COVID-19 and UK Tech SMEs: Overcoming cashflow issues
Cashflow, the net amount of money coming into and out of a business, is an essential sign in establishing the health of many organisations.
This is particularly true of small and medium sized enterprises (SMEs), which typically lack the cash reserves of larger companies. Instead, they rely on predictable monthly turnover to ensure operations run smoothly. By extension, cashflow issues can be extremely serious for smaller businesses that have little buffer to account for a sudden drop in incoming cash, or indeed a sudden rise in expenditure.
However, the coronavirus pandemic has had – and is continuing to have – a damaging effect on the UK’s private sector, with businesses of all sizes and sectors facing significant challenges. And cashflow issues have been chief among these.
From market uncertainty and stockpiling supplies to supply chain disruption and operational upheaval, COVID-19 has triggered numerous problems for business leaders needing to keep a firm grasp on their cashflow.
So, looking to the UK tech sector, how have early stage businesses fared during this difficult period? And, more importantly, what can these companies do if they are facing cashflow issues?
Majority of tech SMEs facing cashflow problems
Joint research conducted by Lloyds Bank Commercial Banking and UK Tech News has delved into how the country’s technology SMEs have been affected by the pandemic – more than 100 business leaders within UK tech companies were surveyed in the first two weeks of August 2020.
The study found 42% of UK tech firms have been unable to sell to their usual customer-base since the beginning of the lockdown period in late March. Indeed, in the midst of the pandemic, 48% said they have had to pivot their product or service to ensure it better suited the current climate.
More positively, 66% of the decision-makers surveyed felt that their tech firm had responded “well” or “very well” to the challenges brought about by COVID-19. Further, 59% of those companies who have pivoted their business model in recent months said the changes they have made will be implemented for the long-term, rather than reverting to their pre-pandemic state.
However, the research from Lloyds Bank Commercial Banking and UK Tech News also underlined how prominent cashflow issues have become this year. Just over half (55%) of UK technology businesses have experienced cashflow issues since the imposition of lockdown measures.
Advice for those experiencing cashflow issues
Clearly, cashflow issues have become particularly commonplace as a result of the pandemic. But what can tech business leaders do in this situation?
Develop a clear picture
The first step is to undertake a thorough audit of the business’ finances – which is vital to understanding precisely what is coming in and going out. A business can only develop an effective plan once it has a clear picture of the extent of the problem and how manageable it is.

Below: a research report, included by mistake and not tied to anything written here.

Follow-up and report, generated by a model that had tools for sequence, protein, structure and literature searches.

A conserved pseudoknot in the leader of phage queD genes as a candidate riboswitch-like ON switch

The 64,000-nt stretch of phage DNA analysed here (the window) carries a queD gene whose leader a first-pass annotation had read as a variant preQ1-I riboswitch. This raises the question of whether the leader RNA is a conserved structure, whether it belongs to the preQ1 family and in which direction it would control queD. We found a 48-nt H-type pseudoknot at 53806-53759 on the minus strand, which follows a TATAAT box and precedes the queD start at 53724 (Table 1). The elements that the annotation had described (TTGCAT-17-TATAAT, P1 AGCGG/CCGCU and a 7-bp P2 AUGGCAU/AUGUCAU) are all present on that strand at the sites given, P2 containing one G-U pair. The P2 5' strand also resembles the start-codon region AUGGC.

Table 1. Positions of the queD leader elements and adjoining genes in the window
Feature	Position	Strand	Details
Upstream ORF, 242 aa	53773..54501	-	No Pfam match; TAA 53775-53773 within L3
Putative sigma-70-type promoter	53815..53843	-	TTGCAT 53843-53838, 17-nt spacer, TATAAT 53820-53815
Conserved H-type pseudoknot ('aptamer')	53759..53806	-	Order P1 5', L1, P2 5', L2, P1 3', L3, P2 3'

Tackle late payments
Unfortunately, late payments also remain a critical problem. In fact, the aforementioned piece of research by Lloyds Bank Commercial Banking and UK Tech News found that 43% of UK tech businesses have experienced more problems than usual with late payments as a result of the coronavirus pandemic.
These late payments put a lot of pressure on cashflow, not to mention a lot of stress on business leaders. Again, while the problem of late payments is not unique to SMEs, these companies feel the strain more as they lack cash reserves to fall back on.
So, what can tech businesses do to combat the problem?
It is important to be proactive when tackling late payments. Firstly, it is advisable for businesses to perform credit checks before starting work with new customers; if doubts are raised during this due diligence, request the customer pays in advance.
To minimise delays, ensure all invoices have the correct information on them and that they are issued promptly. If the terms of a contract are missed with regards to payment dates, push customers to honour the agreement – there is nothing wrong with expecting customers to stick to the original terms.
It is beneficial to have a clearly defined escalation process around late payments, too. This process should only be relaxed in particular circumstances; otherwise, consistency will help.
However, before escalating matters, it can be useful for tech businesses to invest time into understanding how their different customers approach payments. Some businesses will have a set payment frequency – for example, they will settle invoices every other Friday. So, if you issue invoices with payment terms that do not fit this cycle, it is likely that the customer will constantly pay late. In such instances, exceptions will need to be made to your typical protocols.